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What matters most: the problems with measurement

By Sophia Duvall, Nov 15 2015 06:00PM

As you may or may not know, I’ve become a relatively active user of twitter in recent months (follow me here, if you don't already). I love connecting with other companions and clients there, and I enjoy the free flow of information and flirtation. It stimulates both the exhibitionist and the voyeur in me, subtle as they both usually are. In any case, I recently tweeted a poll from my account, out of curiosity about this new feature that had just been rolled out on twitter. I decided to ask a particular question that often comes up in the demimonde: specifically, the question of reviews. Do clients prefer to see a companion who accepts reviews and has some floating out there on the internet, or do they prefer to see a companion who doesn’t take them at all? In the UK, where I primarily reside, it is highly unusual for a lady not to take reviews. It’s far more common in the US, for some reason (potentially legal ramifications). I have complex feelings on reviews, which I’ll get to, a bit later on.


In any case, 59 people responded to the poll. 64% of respondents voted that they preferred to see a companion who has/takes reviews, whereas 36% voted that they prefer to see a companion who doesn’t take reviews. Frankly I was surprised at the number of people who 1) responded at all, and 2) responded that they preferred to see companions who don’t take reviews. In both cases, it was far higher turnout than I expected. Fifty-nine votes is a small sample, yet also a relatively high number for a single person without a huge following on twitter (at the time of the poll I had just over 600 followers). I know of large organisations that put out polls to their members, and get far fewer responses!


Clients who prefer reviews tend to be vocal about it; and up until this point, I’d never heard specific opinions vocalised by a client who preferred to see someone who doesn’t take reviews, hence my surprise. However I am aware from other colleagues who don’t take reviews that there is a whole section of the population who engage companions who would prefer to see someone who doesn’t accept reviews. Indeed, I am curious to know more about them.


Back to the poll: there are a number of limitations and biases to consider. For example, construct validity: does the poll measure what it purports to measure? The poll itself is simplistic. When I made it, I was limited to a short question, with only two short responses. Secondly, I was not allowed the space in the poll to present any nuance in the questions. There was no option to say e.g. “yes, I prefer a companion who has reviews, but only a limited number of reviews and only a certain level of detail.” People may have been on the fence, but were forced to choose one way or the other if they wanted to participate. In any case, construct validity here is potentially weak.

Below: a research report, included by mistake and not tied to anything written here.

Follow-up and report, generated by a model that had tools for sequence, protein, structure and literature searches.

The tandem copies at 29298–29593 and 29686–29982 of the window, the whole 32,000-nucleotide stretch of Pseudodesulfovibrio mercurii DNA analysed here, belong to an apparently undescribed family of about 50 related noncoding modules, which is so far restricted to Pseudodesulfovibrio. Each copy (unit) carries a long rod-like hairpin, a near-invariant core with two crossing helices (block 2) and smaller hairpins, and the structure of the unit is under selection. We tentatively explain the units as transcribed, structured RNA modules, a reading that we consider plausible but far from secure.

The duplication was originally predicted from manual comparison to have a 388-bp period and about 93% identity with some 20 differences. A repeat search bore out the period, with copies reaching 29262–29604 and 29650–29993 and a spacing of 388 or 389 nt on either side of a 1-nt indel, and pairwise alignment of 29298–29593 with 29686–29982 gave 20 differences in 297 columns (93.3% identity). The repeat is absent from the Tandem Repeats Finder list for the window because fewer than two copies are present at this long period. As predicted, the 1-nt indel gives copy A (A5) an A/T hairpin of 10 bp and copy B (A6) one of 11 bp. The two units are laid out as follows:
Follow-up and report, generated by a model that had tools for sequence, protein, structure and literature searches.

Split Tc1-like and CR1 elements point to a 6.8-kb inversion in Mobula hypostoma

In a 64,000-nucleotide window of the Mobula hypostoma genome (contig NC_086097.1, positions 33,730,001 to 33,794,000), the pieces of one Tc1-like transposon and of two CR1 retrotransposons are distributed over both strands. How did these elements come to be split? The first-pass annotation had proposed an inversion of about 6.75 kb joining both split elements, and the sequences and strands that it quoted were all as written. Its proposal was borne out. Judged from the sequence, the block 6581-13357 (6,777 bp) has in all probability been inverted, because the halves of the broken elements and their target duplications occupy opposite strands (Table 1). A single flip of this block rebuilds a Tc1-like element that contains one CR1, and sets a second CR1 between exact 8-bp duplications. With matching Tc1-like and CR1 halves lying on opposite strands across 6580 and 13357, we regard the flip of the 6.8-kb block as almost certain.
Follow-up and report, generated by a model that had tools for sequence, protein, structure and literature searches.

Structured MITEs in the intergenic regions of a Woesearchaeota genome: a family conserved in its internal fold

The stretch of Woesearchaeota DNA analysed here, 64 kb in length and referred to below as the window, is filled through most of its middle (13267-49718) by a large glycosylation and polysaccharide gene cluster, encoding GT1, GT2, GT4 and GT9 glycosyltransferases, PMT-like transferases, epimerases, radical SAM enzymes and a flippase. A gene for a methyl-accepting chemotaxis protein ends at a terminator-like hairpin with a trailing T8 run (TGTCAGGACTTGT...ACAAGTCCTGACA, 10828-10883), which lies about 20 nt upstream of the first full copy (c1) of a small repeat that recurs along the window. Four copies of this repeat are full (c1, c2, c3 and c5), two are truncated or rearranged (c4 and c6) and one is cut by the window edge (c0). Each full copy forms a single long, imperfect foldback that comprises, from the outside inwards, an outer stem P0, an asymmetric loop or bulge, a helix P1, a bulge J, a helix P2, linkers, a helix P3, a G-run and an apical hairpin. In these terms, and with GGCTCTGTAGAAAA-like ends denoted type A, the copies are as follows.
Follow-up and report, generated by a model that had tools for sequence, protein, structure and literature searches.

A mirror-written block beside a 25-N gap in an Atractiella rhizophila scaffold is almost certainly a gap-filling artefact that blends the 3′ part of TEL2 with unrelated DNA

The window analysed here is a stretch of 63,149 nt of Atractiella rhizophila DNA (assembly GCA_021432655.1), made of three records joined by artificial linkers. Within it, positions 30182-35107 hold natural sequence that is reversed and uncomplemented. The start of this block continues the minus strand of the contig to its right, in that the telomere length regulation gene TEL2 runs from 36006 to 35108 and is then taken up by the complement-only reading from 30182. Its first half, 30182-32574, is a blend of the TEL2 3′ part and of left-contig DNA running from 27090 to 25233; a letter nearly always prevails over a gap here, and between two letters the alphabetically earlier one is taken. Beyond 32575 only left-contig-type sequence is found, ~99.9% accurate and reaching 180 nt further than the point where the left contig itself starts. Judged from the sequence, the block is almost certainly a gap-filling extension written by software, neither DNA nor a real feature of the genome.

Another concern is sample selection bias. Were the people who responded only those with very strong opinions? Likely, especially since the poll required respondents to pick a preference. i.e. there was no option for indifference. Were people with certain characteristics more likely to respond than others? Who were the people who saw the poll? Were they people who specifically follow me, or did they find the poll via a retweet from another account? I know of several clients who read my twitter feed, but don’t actually follow it, therefore weren't able to vote; I would certainly be curious as to how they would respond.


My own opinion on reviews is mixed. I recognise that there are a lot of companions out there in the world – there’s a little something (or rather, somebody!) for everyone. When seeking the company of such a lady, you look at a lot of websites and profiles, wondering who is the right one for you. I can see that reviews could give you an impression of what someone is generally like, and whether you might like what they have to offer or not. However I find that review culture lends itself to reviewing a menu of services, rather than a whole experience. I personally don’t offer a menu of services (nor do many of my colleagues), rather I offer an experience based on specific chemistry. I offer intimacy that is both cerebral and sensual, intellectual and carnal, and it is very different with each and every person I meet; this can be difficult indeed to capture in a review. Not only that, but some review sites ask you to rate providers out of 10, and the more services they offer the higher they can be rated; as you might imagine, this puts pressure on companions to offer services they might not be comfortable with. Rating human beings out of 10 is problematic, in a few ways. Not the least is that what is a fine wine to one person can taste too heavy or too sweet to another.


So far, I am lightly reviewed and generally tastefully so. In most ways, I am a private person, and the demimonde is no exception. I realise there is some tension between my desire for privacy and my desire to let people know what they can generally anticipate when they see me. This is a significant reason why I write blog posts and use twitter. It provides a little bit of insight into my mind and interests, which perhaps give you some idea of what our chemistry together could be like. For the time being I will continue to accept reviews, but that might change at some point in the not-too-distant future. I would much prefer to focus entirely on my companion in the moments we are together, and let nothing else matter or enter our mind.


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